Going forward, the Sulphur Senior Center at 601 Maple Street bears a new name. The complex was rededicated Saturday as the Birdie Aikens Senior Center, in memory of the first principal of the first colored school in Sulphur, built on the property.

Former students of the elementary school, as well as of the Mother Goose Head Start Center that followed, joined present and former elected officials and others at the center to reveal a dedication plaque and cut ribbon.

Community historian Beverly Scott said Birdie and her husband, Levi Aikens, owned property from the site Our Lady of Prompt Succor Church sits on west to include most of Maple Street. Birdie Aikens died at the age of 52 on March 16, 1956.

Former student James Ella Kirkwood recalled the school and beloved principal for those gathered. She said the original footprint was two wooden buildings that housed eight to 10 students. In 1950, two more rooms were added.

“Mrs. Aikens was a fantastic teacher and visionary,” said Kirkwood. “She taught us about the world around us.” She said her class had a horned toad that had free-range of the classroom. “We saw a caterpillar turn into a beautiful butterfly right before our eyes and fly around the room and out the big window,” she said. “How many of today’s kids can say that? Of course they can Google it, but we got the real thing.

“We went on airplane rides and on submarines exploring the sea right from our desks,” she said. “I don’t know if we reached her expectations, but she reached all of ours,” Kirkwood continued.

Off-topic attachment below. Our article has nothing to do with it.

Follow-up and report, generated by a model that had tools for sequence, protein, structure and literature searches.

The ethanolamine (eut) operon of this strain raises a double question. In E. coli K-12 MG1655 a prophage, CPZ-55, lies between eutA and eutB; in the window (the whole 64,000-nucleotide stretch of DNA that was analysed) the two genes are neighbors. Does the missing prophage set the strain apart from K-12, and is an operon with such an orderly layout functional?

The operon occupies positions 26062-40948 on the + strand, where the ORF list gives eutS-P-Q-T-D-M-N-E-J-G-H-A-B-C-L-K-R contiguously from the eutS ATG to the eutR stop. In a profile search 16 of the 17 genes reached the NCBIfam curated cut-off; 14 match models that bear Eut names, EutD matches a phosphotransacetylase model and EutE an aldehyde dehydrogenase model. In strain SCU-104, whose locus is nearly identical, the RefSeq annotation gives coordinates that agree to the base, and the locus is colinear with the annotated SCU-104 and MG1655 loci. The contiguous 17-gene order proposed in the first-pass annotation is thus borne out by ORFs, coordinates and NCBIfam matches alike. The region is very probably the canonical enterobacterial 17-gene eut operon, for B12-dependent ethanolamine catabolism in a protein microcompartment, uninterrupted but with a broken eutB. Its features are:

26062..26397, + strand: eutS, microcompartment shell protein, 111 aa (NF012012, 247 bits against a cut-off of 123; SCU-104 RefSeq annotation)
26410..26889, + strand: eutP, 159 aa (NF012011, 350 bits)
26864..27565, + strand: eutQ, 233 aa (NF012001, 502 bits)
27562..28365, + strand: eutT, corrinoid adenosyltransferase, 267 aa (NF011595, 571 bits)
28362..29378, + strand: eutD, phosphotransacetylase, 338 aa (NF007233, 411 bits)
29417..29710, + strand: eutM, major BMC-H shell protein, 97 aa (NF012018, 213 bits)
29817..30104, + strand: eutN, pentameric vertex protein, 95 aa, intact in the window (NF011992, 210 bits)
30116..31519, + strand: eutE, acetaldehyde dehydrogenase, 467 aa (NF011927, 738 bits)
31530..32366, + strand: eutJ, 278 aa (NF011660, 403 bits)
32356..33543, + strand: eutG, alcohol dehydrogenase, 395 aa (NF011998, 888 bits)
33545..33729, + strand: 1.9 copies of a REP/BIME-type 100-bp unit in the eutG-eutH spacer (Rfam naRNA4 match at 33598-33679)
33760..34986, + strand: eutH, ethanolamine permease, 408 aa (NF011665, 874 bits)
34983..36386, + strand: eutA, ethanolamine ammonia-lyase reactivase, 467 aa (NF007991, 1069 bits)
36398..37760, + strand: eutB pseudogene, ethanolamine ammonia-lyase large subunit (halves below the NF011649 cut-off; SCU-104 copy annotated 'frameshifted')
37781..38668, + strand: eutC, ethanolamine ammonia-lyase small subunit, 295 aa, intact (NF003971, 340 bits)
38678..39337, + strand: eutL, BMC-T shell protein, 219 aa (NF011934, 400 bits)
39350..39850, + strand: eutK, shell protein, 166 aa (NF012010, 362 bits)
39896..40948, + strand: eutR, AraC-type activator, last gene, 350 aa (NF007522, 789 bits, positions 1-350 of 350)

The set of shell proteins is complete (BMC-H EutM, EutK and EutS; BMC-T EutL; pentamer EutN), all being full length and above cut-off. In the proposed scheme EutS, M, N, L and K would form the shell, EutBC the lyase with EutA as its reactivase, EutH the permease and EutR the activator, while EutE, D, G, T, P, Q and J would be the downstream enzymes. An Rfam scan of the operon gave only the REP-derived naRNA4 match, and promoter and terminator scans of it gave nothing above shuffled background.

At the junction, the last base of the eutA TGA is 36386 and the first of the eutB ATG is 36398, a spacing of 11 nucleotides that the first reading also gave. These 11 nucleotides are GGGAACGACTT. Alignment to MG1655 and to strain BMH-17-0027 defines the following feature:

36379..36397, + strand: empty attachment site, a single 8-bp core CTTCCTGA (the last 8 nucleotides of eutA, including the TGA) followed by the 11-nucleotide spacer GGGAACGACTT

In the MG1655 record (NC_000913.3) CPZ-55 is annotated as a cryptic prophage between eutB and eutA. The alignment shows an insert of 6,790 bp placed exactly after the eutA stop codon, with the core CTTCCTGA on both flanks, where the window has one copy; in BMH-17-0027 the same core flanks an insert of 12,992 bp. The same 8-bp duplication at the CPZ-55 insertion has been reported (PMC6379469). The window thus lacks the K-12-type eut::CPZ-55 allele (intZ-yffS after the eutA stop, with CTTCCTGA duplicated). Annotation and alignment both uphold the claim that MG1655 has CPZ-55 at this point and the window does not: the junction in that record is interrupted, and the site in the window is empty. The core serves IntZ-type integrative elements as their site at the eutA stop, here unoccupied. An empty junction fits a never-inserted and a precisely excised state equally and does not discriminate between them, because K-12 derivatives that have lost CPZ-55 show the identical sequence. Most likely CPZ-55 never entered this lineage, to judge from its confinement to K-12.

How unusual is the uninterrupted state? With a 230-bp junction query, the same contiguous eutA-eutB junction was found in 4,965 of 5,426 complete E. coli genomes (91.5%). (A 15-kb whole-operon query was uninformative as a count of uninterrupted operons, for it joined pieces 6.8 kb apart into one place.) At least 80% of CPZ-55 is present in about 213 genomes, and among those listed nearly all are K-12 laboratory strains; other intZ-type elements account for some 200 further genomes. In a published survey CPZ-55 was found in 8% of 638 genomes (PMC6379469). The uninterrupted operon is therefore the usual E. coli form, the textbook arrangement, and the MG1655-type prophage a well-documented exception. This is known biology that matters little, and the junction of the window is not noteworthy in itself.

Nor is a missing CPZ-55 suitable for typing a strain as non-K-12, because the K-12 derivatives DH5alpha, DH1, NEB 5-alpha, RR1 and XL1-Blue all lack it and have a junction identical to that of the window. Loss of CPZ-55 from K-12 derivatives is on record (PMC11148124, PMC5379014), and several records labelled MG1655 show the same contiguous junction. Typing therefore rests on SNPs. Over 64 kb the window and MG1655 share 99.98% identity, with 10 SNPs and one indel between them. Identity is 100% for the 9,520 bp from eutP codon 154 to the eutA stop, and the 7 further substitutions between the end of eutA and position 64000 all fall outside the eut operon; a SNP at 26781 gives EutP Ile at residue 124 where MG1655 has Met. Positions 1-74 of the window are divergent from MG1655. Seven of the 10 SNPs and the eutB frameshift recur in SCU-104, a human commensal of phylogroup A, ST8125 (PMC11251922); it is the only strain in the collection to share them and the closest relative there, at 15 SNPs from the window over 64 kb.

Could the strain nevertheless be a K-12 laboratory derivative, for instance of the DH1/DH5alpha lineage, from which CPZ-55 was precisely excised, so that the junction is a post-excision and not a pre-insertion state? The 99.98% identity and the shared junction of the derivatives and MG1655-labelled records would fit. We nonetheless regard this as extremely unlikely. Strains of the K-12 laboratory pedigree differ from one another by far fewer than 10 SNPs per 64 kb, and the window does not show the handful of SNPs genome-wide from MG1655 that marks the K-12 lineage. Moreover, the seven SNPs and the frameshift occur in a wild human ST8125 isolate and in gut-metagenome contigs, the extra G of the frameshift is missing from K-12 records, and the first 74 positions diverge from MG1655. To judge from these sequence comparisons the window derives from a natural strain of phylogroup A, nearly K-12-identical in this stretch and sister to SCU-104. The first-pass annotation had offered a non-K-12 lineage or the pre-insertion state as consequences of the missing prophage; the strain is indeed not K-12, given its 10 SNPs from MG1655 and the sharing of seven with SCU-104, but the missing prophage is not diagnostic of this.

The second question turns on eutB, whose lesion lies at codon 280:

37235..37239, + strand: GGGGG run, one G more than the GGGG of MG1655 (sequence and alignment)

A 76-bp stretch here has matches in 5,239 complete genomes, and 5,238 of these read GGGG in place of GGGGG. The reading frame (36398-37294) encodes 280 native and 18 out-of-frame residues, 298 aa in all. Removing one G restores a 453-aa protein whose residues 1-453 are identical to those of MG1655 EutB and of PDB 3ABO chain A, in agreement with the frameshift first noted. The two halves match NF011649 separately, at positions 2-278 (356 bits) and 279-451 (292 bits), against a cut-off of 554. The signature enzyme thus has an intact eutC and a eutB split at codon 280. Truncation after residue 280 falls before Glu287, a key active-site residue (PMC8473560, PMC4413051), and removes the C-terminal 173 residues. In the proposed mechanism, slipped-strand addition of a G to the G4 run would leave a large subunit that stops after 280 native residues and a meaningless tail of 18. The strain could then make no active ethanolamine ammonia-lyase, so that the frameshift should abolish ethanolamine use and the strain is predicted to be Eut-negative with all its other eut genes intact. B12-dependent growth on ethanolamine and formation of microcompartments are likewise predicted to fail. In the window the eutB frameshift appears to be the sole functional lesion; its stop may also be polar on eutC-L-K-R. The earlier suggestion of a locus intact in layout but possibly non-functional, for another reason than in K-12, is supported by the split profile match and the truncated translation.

The brick building that now serves as the senior center was built later and classrooms for first through seventh grade were added. The school later grew to include eighth grade.

The oldest of Aikens’ former students present Saturday, Bobbie Jean Fontenot, said her childhood was a time in which “everybody was your mama.

“If you did anything at school, you were going to get it when you got home,” she said. “But we had a good time.” Fontenot was a first-grade student in 1946, at which time there was only one building. Students left each day for lunch, as there was no cafeteria at the time. When the school did begin serving free lunches, Fontenot said her grandmother was the cook.

The building was dedicated the Birdie Aikens Senior Center in 2014 by a Sulphur City Council resolution and a plaque was ordered. But planning a ceremony date to accommodate former students took some time.

The event Saturday was hosted by the non-profit Destiny Drive Youth, whose creator is senior center director Cynthia Beverly. Destiny Driven Youth is accepting donations for a school supply drive. Supplies will be distributed at an event planned for August.